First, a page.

Rose said Kahtnu has questions about whether all of the costs to build CPH’s operating room were included in the state’s determination. They would like an independent voice to determine if the decision was indeed correct.

“We have filed an appeal of that decision and that we have sufficient time to have an independent judge hear our case and render a decision,” Rose said. “If we lose on that administrative appeal then so be it. But, we would like to have someone non-biased review her decision.”

CPH Chief Executive Officer Rick Davis explained the hospital originally obtained a CON for four surgery rooms when it started an expansion project several years ago, but never completed the fourth room, which was scheduled to become available in May. Davis said the cost of the OR was below the minimum to require a CON.

“It just begs the question of why they think it makes more sense to build a $9 million OR than the $900,000 OR when they are willing to sue us in order to make that happen,” he said.

“This is just a delay thing for them to try and get their CON approved with only using (our three surgery rooms in the calculation),” Davis said. “Ultimately we will get our fourth OR built, but they’re just trying to delay it.”

 

Public comment period is open through 4:30 p.m. Monday.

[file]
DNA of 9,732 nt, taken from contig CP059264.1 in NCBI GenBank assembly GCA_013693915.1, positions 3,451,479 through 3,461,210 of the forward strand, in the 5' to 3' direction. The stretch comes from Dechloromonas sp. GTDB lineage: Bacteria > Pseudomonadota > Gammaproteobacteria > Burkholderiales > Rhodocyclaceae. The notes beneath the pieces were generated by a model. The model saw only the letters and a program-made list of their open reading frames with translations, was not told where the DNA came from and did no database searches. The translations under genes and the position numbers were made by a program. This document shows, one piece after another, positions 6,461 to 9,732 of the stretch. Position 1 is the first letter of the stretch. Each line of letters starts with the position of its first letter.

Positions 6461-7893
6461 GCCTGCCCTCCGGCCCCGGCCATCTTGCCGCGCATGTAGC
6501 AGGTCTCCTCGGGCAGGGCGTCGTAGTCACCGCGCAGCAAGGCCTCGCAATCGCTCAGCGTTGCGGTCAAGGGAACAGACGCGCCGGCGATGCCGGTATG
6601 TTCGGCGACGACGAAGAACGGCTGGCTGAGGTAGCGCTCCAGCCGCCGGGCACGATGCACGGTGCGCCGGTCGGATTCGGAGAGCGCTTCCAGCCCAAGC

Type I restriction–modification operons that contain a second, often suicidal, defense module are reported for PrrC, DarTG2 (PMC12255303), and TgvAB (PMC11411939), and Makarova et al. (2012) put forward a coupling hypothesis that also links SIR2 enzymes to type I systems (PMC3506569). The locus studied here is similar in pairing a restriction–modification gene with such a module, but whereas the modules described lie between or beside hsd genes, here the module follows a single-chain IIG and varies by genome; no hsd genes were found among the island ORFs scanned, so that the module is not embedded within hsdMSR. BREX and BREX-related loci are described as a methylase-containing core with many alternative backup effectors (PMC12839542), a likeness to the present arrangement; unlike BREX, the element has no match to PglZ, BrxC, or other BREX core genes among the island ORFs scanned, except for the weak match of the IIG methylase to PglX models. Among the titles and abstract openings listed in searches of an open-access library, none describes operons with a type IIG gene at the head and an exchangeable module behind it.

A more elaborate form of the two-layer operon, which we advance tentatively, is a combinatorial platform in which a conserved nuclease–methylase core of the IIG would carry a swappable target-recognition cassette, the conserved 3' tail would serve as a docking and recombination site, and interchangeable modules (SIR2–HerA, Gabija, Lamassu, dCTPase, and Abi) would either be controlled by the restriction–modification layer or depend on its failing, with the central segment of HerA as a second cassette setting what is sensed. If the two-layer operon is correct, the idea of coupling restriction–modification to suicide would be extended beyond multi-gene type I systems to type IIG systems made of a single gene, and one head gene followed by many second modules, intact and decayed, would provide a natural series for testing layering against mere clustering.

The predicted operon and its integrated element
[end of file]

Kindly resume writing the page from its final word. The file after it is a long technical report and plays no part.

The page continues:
Contact:

Karen Lawfer

CON Program Coordinator

Division of Health Care Services

P.O. Box 110660

Juneau, AK 99811

907-465-8616

karen.lawfer@alaska.gov

• A staff analysis of the application and recommendation must be submitted to the commissioner of the Division of Health Care Services by Feb. 19 unless additional time, not to exceed 30 days, is granted by the commissioner. A decision by the commissioner must be made within 45 days of receipt of the staff recommendation unless additional public notice is given that additional information or analysis is required by the commissioner to make a decision.

  • Comment

Comments (17) Add comment
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bewildered
9
Points
bewildered 01/20/12 - 02:25 pm
0
0
I find it entertaining that

I find it entertaining that most of these comments are from the patients of these surgeons.

liftit
20
Points
liftit 01/20/12 - 10:40 pm
0
0
I read this comment to my

I read this comment to my grandmother-in-law and mother-in-law, and asked them if they agreed:

"I have been totally impressed with Central Peninsula Hospital,” she said. “I love the hospital … and I want it to be successful and grow. It is by far one of the best hospitals in the nation"

Both of them have needed lots of medical care throughout their lives, and both of them answered that question with a "Hell NO!".